Sometimes I think I have perfected the art of wiping my eyes so I don't smudge my eye makeup.
You see, this is a photo of me earlier today, after crying off and on for an hour or two.
Depression doesn't always look the way we think it does.
I learned a long time ago that my personal appearance was something I could control.
I couldn't control my environment, or the chaos that rages inside of me daily, but I could put on a nice outfit and command respect.
And people don't tend to mess with a woman in red lipstick.
The death of Robin Williams hit me hard. I didn't love Robin Williams the way I loved Johnny Cash or Roger Ebert. Sometimes I'll hear a song and wonder what it would sound like if Johnny Cash and Rick Rubin teamed up on a cover and I'll watch a movie and wish I could read a Great Movies essay. I grieve for the art we lost in this world.
I liked Robin Williams, I have enjoyed his work as an actor and as a comedian. But my visceral reaction to his death was not about my relationship to him as an artist. It was one dark soul, staring into another. Glimpsing a hopeless future.
If you listen to people who struggle with mental illness a pattern emerges. They try different medications, different therapists. There are bad reactions, interactions with other medications.
I took a medication that harmed my breastfed baby while robbing me of the emotions that made me feel human. I worked with a therapist that didn't ask me a single question about my childhood, my family history, nothing. She just tried to tell me how to organize my bathroom and meditate. I think about treatment and all I see is thousands of dollars poured into medications and supplements and therapists, and none of it might even work.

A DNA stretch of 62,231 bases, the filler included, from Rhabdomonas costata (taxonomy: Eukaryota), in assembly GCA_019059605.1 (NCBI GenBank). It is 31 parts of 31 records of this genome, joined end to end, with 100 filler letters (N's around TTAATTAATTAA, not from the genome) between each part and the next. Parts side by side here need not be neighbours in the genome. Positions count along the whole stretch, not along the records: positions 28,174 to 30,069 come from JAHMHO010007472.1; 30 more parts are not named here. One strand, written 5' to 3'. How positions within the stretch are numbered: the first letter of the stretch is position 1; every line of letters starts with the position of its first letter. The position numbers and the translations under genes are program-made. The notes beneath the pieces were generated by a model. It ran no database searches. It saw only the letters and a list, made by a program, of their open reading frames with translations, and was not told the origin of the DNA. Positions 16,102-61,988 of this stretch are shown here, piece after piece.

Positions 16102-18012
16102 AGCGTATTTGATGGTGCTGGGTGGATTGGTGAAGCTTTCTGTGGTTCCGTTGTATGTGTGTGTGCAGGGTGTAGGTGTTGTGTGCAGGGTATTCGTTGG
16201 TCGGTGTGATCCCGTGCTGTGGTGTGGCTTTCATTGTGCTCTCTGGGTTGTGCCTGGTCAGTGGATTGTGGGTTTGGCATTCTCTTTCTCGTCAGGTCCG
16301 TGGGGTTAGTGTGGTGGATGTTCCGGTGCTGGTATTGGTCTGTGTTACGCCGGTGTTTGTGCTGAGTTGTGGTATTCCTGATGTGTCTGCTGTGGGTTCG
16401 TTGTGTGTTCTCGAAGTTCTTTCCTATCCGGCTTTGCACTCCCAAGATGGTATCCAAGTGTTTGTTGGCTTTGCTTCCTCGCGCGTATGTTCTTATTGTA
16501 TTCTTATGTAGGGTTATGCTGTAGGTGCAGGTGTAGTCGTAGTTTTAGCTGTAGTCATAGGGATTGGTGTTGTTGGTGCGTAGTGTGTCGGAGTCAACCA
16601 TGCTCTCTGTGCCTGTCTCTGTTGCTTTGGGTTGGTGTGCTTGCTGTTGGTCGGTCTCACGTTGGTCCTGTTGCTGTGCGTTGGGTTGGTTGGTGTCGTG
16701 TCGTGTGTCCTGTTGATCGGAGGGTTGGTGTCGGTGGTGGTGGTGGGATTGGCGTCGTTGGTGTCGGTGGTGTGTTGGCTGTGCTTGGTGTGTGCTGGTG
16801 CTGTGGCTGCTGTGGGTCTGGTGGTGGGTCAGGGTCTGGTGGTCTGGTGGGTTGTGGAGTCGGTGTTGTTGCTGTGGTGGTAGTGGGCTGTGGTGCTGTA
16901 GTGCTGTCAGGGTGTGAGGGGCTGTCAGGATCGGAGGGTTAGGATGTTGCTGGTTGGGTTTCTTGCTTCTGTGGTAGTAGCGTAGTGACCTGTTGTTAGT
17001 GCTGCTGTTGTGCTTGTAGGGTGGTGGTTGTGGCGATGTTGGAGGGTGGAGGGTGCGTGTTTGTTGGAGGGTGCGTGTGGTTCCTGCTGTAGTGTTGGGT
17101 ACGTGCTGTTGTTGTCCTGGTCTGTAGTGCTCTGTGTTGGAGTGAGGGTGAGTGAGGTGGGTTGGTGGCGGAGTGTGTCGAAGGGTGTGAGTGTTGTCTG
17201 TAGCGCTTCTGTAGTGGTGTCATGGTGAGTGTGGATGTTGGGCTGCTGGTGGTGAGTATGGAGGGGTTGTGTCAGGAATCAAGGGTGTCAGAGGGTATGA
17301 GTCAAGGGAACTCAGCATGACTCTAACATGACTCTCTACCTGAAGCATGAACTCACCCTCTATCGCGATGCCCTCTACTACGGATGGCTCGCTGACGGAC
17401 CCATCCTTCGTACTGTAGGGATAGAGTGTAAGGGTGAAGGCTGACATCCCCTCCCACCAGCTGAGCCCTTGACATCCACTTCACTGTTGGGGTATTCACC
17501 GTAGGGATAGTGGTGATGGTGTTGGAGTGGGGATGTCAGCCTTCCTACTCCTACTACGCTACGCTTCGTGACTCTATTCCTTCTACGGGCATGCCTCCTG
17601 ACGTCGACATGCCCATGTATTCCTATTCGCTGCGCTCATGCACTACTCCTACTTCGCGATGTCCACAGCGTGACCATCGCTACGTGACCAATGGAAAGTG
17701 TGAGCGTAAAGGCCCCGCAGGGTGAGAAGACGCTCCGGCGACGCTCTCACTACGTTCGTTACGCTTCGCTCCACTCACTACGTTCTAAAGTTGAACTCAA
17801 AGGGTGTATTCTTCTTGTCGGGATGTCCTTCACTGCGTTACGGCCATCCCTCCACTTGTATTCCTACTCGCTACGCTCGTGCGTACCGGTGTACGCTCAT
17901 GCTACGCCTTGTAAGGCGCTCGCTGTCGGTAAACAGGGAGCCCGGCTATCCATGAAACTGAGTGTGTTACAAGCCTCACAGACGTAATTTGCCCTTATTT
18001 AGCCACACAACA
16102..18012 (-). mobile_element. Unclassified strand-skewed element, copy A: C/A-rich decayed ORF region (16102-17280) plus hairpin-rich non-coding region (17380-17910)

Robin Williams was a successful man, presumably with the financial means and autonomy to pursue help. He was in treatment. And it wasn't enough to keep him from hanging himself.
That is where my terror lies. The utter futility of trying to fix my mental health...it seems trading one abyss for another. But I know I have to do it.
My friend asked me today if I was having suicidal thoughts. I have truthfully never wanted to kill myself. But I have wanted to die. I have been consumed by knowing that I am what I think of as a "garbage person." No accomplishment, not the love of my husband and children, no friends, can convince me that I am a worthwhile human. It's not a self-esteem issue. Oddly enough, I have a healthy body image, I am generally a confident person. It's not a part of me at all, it's a black dog that follows me around, that digs in my garbage and strews it about, that chews up all the goodness in my life when I am not looking.
I think of the fact that, for the rest of my life I'll be feigning normal...for the rest of my life I will use my good days to try and catch up with the mess I made during the bad. That I might never accomplish what I want to accomplish, live the way I want to live...if I can't muzzle and leash this immortal dog.
I've contemplated writing this for a while. And I haven't wanted to. But today, it felt right. Today I know I have nothing to be ashamed of. I am having trouble ending this...almost as much trouble as I had beginning it. I wrote this piece a thousand times in my head this morning, but I waited until the clouds had somewhat cleared before putting down my words.
I feel clumsy and silly. There IS no dog. There's nothing but my silly, lazy mind and body, choosing ice cream and my bed instead of spinach and dishwashing. So once again, I can dismiss the crushing pain of the morning and tell myself its just my mind playing tricks on me. I just need to eat better, exercise. I just need to make better choices.
Except that I have had this conversation with myself 1,000 times, and it's not getting better. How many friendships will be strained and broken under the weight of this formless, indistinct pain? How many times will my children be hurt by my need to lay alone in the darkness, unable to cook their dinners, too tired to play a game, too distracted to listen? How many times will my husband be forced to carry my weight as well as his own?
The evidence is all around me. And it's not going away. It's not getting better on it's own. Better choices would help, but it's impossible to make those choices when your mind and body rage against your better judgement. I need a remedy. And I won't stop till I find it.